The relatively recent introduction in the UK of data privacy laws (the Data Protection Act 2018 (the “DPA”) and the UK GDPR (the “GDPR”)) has led to numerous claims concerning a data controller’s requirement to ensure that the personal data it holds is accurate and kept up to date.  Claims are therefore being advanced that data controllers are unlawfully processing data subjects’ personal data by failing to keep accurate information about its data subjects which has caused harm to the reputation of the data subject when published, whether that be intentionally or not.

Such claims are a 21st century phenomenon that reflect the exponential increase in the volume and value of personal data in the digital age.  But a number of recent high-profile claims highlight the evolution of such claims – and their centuries-old roots.

Scandalum magnatum

In 1275 the law of scandalum magnatum made it a criminal offence to publish defamatory speech or writing to the ‘great men of the realm’.  From this seed the law of defamation grew, but it is far from a standalone tort.

More recently, England’s first privacy law dates from the 14th century, but it was not until the 1990s that the Human Rights Act introduced (or perhaps reintroduced) into UK law the concept of a right to respect for a person’s private life, family life, home and correspondence.  This led to the establishment of the tort of misuse of private information the following decade, following the judgment in Campbell v Mirror Group Newspapers Ltd [2004] UKHL 22.

Two ongoing, high-profile cases concerning individuals in the public eye highlight the further evolution of the law in this area and the increasing role of 21st-century data protection law in parties seeking to protect their reputation from damaging statements that have been published about them.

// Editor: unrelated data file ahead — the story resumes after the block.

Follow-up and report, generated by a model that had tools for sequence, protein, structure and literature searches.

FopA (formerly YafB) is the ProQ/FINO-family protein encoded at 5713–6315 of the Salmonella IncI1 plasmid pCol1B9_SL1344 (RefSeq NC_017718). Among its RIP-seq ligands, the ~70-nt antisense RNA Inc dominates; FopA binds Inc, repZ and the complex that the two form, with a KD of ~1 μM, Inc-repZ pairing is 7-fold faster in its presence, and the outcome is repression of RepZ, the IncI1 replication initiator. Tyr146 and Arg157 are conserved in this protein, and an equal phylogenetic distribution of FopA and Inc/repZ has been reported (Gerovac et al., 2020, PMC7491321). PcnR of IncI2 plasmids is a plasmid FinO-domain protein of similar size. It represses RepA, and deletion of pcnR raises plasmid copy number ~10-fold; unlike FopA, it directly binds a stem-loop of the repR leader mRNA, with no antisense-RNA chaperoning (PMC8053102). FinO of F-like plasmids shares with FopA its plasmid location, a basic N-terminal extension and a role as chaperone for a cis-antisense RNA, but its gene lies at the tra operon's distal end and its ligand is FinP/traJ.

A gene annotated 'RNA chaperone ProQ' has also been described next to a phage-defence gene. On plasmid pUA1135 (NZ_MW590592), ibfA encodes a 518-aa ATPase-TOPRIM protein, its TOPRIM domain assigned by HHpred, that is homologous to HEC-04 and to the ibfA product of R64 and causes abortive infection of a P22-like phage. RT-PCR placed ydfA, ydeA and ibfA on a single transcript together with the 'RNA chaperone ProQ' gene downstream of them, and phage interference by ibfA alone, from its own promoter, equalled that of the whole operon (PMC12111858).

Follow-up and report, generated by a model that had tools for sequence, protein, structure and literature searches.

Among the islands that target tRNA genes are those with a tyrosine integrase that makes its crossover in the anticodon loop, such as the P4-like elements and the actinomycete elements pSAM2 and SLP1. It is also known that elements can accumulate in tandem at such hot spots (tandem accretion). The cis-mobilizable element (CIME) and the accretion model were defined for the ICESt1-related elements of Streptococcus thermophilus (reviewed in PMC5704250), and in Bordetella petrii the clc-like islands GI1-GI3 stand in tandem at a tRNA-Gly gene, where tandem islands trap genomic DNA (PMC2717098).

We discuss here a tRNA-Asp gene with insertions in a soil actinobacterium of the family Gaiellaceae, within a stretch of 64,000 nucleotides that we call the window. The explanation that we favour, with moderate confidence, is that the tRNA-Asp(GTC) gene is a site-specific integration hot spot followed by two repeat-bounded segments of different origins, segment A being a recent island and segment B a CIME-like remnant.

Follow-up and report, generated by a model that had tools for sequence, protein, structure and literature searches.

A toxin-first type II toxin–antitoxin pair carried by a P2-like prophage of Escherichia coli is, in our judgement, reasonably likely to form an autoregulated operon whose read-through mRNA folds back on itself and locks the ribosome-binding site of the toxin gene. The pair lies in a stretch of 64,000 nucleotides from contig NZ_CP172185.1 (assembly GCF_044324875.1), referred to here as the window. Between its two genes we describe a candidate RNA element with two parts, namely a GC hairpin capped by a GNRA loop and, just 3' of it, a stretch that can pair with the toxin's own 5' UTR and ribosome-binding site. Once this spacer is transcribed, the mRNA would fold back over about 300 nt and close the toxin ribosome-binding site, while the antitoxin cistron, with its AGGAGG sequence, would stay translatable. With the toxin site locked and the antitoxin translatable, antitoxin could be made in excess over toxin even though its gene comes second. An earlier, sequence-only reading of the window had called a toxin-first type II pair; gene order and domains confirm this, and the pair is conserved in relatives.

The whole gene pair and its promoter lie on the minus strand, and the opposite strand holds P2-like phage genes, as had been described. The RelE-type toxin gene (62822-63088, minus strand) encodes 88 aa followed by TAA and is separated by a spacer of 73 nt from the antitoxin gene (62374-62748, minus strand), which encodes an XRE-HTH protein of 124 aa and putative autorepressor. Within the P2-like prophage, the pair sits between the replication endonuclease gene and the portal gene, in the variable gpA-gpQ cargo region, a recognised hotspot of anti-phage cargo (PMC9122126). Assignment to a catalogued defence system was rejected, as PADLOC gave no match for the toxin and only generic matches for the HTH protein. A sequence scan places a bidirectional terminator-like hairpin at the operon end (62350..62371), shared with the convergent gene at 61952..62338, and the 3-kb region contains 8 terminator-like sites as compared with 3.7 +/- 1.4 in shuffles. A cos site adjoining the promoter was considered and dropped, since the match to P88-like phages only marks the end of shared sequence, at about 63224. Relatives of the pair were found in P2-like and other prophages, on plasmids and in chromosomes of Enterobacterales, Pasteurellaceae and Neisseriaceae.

Noel Anthony Clarke v Guardian News & Media Limited

In April 2021, The Guardian published an article with the headline “Harassment, naked auditions and Bafta’s highest accolade” in which Mr Clarke was accused of sexual misconduct, harassment and bullying between 2004 and 2019. The article reported that Mr Clarke denied the allegations.

This article was published after an announcement that BAFTA planned to give Mr Clarke an award. Following the publication of the first article, BAFTA immediately suspended Mr Clarke and stated that the award he was due to receive was put on hold until further notice.

The Guardian subsequently published seven more articles which included allegations from 20 women of sexual misconduct, bullying and harassment by Mr Clarke. Each article references Mr Clarke’s denials of the allegations.

Mr Clarke is seeking damages estimated at around £10 million from The Guardian due to its publication of eight articles about his conduct which he claims is untrue and inaccurate and is therefore (i) defamatory, and (ii) in breach of the DPA and GDPR.

To date, the Court has been concerned with the defamation aspect of the claim, deciding at a preliminary issues trial that:

  • In respect of the natural and ordinary meaning of the articles, each of the first seven articles give the impression to the hypothetical reasonable reader that there are strong grounds to believe that Mr Clarke is guilty of the conduct alleged and the eight article means that there are grounds to investigate Mr Clarke.
  • That each article was defamatory of Mr Clarke at common law (i.e. that each article lowers the opinion of Mr Clarke in the eyes of the public and it substantially adversely affects his reputation).